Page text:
The Executive Board is comprised of the President, Vice President and four other members that are appointed by the European Council.
Members of the Executive Board are appointed based on recommendations provided by the ECB’s Governing Council and European Parliament.
The Executive Board prepares Governing Council meetings and implements monetary policy in accordance with decisions taken by the Council.
Monetary Policy Operation
The European Central Bank adjusts monetary policy in order to achieve its target of price stability. This can be achieved by adjusting the level of interest rates by changing the target for the main ECB interest rates.
More recently, the ECB has also operated monetary policy by engaging in non-standard operations. These include quantitative easing through the purchase of government bonds, which inflate the balance sheet.
In June 2016, this policy was enhanced by the decision to include corporate bonds. Outright Monetary Transactions, which involve secondary bond purchases, was announced in 2012, although this policy has so far not been used.
Longer-Term Financing Operations
The European Central Bank provides regular short-term liquidity operations to provide short-term credit to the banking sector. As part of its non-standard policy operations, the bank also provides long-term refinancing operations (TLTRO) through the provision of long-term funds to the banking sector at very attractive interest rates. These are aimed at boosting liquidity and lending with the amount that can be borrowed dependent on the amount of loans provided to the corporate and household sector. The TLTRO programme started in 2014 and a new TLTRO2 version was launched in 2016.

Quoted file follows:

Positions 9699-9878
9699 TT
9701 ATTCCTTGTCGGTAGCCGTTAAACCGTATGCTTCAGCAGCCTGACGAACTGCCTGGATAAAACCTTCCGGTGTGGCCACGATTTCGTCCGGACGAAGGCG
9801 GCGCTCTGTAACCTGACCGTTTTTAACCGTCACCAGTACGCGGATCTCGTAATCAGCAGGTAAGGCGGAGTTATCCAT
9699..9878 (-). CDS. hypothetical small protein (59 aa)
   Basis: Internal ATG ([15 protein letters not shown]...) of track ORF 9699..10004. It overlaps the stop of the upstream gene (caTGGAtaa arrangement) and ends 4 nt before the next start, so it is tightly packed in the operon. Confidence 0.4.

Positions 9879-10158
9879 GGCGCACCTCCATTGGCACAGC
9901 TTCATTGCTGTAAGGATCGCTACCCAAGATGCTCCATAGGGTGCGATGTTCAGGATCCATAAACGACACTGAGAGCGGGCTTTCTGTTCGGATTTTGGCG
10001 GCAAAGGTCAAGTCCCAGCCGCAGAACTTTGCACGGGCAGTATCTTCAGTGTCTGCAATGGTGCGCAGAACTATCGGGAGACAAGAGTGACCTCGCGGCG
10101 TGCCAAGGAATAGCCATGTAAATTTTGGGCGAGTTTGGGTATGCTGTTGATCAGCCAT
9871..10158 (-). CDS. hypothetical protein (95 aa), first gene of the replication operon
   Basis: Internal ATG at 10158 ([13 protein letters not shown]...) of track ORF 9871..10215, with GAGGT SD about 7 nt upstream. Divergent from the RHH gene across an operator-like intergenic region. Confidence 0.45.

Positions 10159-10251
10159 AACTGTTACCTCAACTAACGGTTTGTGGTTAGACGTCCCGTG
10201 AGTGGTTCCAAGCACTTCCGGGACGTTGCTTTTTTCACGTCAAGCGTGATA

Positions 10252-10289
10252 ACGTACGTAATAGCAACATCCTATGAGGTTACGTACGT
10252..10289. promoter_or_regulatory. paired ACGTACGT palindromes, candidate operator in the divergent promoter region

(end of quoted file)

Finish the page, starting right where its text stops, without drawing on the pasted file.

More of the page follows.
ECB Benchmark Interest Rates
The ECB targets three interest rates:
- The deposit rate – the rate which banks may use to make overnight deposits with the Eurosystem.
- The refinance rate – which provides the bulk of liquidity to the banking system
- The marginal lending facility – which offers overnight credit to Eurosystem banks
ECB Governing Council
Any changes in monetary policy are agreed through the Governing Council, which meets eight times per year to formally discuss monetary policy, although it also meets at other times to discuss other matters.